I think, therefore I harm
Early humans felt the need to create small communities, in order to protect themselves as a group rather than individually, and to fed themselves through organized hunt or fruit gathering. All work was performed for the profit of the community. These were small groups of people, comprising a few families and generally less than a hundred individuals. However, as these communities formed larger societies, they began to exchange goods among them. This was useful if one of the communities had a bad hunt for a while, while another one had an excess of food.
Soon, as societies evolved to larger groups of several thousands of individuals and work became more diversified, people felt a need to proceed to the exchange of goods and services on a more individual basis, rather than for the community as a whole. At that point, people began to feel it was unfair to work for others and get nothing in return. People began trading goods and services with each other in a way which appeared fair to both parties.
Barter is the direct exchange of a good or a service for another good or service between two individuals or organizations without the use of a monetary system. A carpenter may come and fix my door while I fix his computer. A pig farmer may give a cow farmer two pigs in exchange for a cow. If I have an excess of purple corals, I may exchange some for some red corals. This kind of exchange is beneficial for both parties as it allows to get rid of unwanted or excess goods in order to acquire needed goods, or exchange services in between people who have different skills.
Barter, however, have a number of limitations. A barter can only occur in between two people who happen to mutually have something or a skill that the other person need (double coincidence of wants). It may also be difficult to make exchanges of equal value. For example, we all know that one cow is worth a lot more than two pigs, but the pig farmer could probably not afford to get rid of the many pigs that would be worth a single cow. Indivisibility of certain goods make it impossible to proceed with certain transactions, such as the pig farmer which only has two spare pigs, but can obviously not get a quarter of a (live) cow for them. Lastly, the difficulty to store certain goods make it difficult to conduct certain transactions in real time. For instance, a wheat farmer could not easily exchange his excess with a corn farmer given that these aren’t harvested in the same season and cannot be stored for long periods of time. Furthermore, it would become difficult to keep records of who owes what to whom if these transactions were to be completed over long periods of time.
In order to fix the limits imposed by barter, money was invented. Money could be used to obtain goods or services without any direct exchange, even if the other individual didn’t need anything that you have in excess or any of your skills. Good and services could be evaluated to a precise value.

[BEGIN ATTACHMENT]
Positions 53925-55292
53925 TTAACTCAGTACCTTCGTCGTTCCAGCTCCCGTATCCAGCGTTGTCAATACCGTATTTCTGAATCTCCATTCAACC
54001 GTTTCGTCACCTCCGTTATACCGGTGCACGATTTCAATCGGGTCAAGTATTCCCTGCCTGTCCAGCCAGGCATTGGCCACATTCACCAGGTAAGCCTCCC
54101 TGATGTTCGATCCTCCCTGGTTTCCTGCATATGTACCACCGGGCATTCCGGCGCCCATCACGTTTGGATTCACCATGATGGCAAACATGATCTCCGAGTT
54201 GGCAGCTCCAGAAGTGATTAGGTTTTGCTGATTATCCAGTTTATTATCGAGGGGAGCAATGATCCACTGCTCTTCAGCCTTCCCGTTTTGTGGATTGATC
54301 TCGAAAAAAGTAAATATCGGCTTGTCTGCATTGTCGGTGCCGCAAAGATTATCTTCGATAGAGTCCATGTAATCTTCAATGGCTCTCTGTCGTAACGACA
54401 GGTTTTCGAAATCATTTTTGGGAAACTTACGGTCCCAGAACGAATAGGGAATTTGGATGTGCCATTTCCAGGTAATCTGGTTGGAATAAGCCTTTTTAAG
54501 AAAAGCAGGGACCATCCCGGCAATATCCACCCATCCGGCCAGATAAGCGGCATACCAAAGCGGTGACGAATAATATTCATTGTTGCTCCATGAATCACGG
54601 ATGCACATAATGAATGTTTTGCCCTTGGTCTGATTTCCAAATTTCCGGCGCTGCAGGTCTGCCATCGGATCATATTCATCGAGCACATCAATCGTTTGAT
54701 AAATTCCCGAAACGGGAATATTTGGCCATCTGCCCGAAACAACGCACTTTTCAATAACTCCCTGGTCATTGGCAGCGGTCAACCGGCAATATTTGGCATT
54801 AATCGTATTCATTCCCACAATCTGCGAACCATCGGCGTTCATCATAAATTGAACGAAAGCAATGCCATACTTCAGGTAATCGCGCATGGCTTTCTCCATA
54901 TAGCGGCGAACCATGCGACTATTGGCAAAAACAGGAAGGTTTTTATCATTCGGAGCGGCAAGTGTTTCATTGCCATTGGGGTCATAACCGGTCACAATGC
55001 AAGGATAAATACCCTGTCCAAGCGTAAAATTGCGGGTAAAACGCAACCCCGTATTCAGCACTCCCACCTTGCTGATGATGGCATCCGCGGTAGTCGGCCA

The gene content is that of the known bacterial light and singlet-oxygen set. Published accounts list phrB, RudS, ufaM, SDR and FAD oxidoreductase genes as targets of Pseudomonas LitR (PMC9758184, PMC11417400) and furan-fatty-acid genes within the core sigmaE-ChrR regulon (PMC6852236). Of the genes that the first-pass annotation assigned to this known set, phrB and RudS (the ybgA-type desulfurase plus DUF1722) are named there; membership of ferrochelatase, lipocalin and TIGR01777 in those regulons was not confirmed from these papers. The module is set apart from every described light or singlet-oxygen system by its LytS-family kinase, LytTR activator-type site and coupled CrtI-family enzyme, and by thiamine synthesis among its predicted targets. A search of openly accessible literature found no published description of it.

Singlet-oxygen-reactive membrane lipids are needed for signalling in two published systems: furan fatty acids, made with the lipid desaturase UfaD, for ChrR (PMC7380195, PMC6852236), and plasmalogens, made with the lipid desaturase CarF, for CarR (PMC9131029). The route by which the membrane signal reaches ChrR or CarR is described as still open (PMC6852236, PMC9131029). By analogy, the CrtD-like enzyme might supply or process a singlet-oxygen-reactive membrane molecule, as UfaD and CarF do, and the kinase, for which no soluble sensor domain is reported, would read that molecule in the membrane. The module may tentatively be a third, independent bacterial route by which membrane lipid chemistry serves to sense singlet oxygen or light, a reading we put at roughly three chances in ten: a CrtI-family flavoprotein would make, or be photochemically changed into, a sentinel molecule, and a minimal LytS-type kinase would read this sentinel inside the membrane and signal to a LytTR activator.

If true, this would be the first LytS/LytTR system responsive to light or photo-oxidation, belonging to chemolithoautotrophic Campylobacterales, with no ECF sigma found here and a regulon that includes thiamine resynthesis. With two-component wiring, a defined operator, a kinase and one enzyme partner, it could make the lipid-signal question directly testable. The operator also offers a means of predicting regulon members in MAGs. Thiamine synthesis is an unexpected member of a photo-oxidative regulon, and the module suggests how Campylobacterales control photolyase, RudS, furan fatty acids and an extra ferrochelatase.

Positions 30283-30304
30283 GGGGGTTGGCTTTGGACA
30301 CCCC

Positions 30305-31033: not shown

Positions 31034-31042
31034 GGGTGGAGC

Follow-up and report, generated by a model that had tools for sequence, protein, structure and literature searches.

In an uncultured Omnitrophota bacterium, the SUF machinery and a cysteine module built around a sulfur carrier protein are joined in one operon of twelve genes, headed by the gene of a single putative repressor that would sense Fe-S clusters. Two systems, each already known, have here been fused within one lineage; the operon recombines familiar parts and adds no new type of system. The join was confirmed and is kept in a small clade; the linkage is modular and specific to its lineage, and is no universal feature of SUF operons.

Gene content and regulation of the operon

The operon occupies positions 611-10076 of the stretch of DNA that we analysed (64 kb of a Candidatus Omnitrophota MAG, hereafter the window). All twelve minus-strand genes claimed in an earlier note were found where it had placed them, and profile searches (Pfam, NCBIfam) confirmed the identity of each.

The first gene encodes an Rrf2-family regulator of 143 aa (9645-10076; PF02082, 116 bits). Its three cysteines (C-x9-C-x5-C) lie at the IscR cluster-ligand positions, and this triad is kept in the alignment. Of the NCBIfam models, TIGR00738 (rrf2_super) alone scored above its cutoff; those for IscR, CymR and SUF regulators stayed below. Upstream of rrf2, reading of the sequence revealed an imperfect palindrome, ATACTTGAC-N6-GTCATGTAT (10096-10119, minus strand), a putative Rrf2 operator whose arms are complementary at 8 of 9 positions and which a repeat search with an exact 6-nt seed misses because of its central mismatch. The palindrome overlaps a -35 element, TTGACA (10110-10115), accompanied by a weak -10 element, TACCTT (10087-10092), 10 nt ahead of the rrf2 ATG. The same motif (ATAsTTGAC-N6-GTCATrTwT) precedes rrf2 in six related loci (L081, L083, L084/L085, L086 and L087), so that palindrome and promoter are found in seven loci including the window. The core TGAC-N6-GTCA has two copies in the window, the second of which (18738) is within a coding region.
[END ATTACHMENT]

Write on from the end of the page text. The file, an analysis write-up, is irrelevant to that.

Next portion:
The first money-like system is thought to be from Mesopotamia about 3000 BC. They used barley, a common commodity, which they valued by weight to obtain goods and services. Later, shells were used as money. Entire shells from the sea, or part of them, or even artificially shaped pieces of shell, were used as money. Shells had a value as a body ornament. Shell money appears to have been in use in many societies of different continents. These forms of early money are called commodity money, because the value of the currency is based on the perceived value of a standard commodity which is desirable (or even needed) by all individuals.
Soon enough, gold and silver became the new standard. The value of those metals was based on desirability, but mostly on scarcity. Goods and services were valued relative to their weight in these metals. Other metals, such as bronze and copper, were used to represent smaller values. To simplify the use of metals in regular transactions, from about 600 BC, governments stamped these metals into coins which were of verified weight and purity.
It was obviously inconvenient for people to carry around large amount of metals, and banks soon appeared to help. People could deposit their coins in a bank, and receive a letter redeemable for the metals deposited. Over time, people began using these letters to buy goods and services rather than use the metals directly. With the advent of printing in the 1400s, bank letters became banknotes, official printed pieces of paper of nominal values. Banknotes were still redeemable for metals, but beginning in the 1600s, redemption was discouraged. Instead, the banknotes were becoming the sole currency. This is called representative money, as banknotes are used to represent a certain amount of a commodity, but such commodities are never used directly for a transaction.
To make a profit out of the people who deposited their metals, banks borrowed the metals at interest. Since they never actually took the gold out of the vault, but only issued banknotes, they could borrow the same money again and again, collecting interests on money they didn’t even have. Since more money is required to payback the original loan, more is printed. This causes inflation, a rise in prices which lowers the perceived value of money.
Over the last century, most countries converted to the fiat money system, in which banknotes are no more backed by metals. The value of our money, today, is solely based on our trust in the system.
What will be the next monetary system? Will we move to all electronic money, with no physical banknotes?
What is money for? Money is a mean to acquire goods and services meant to satisfy our basic needs, such as food and home. Any excess is used on luxuries, though some people cannot satisfy their most basic needs.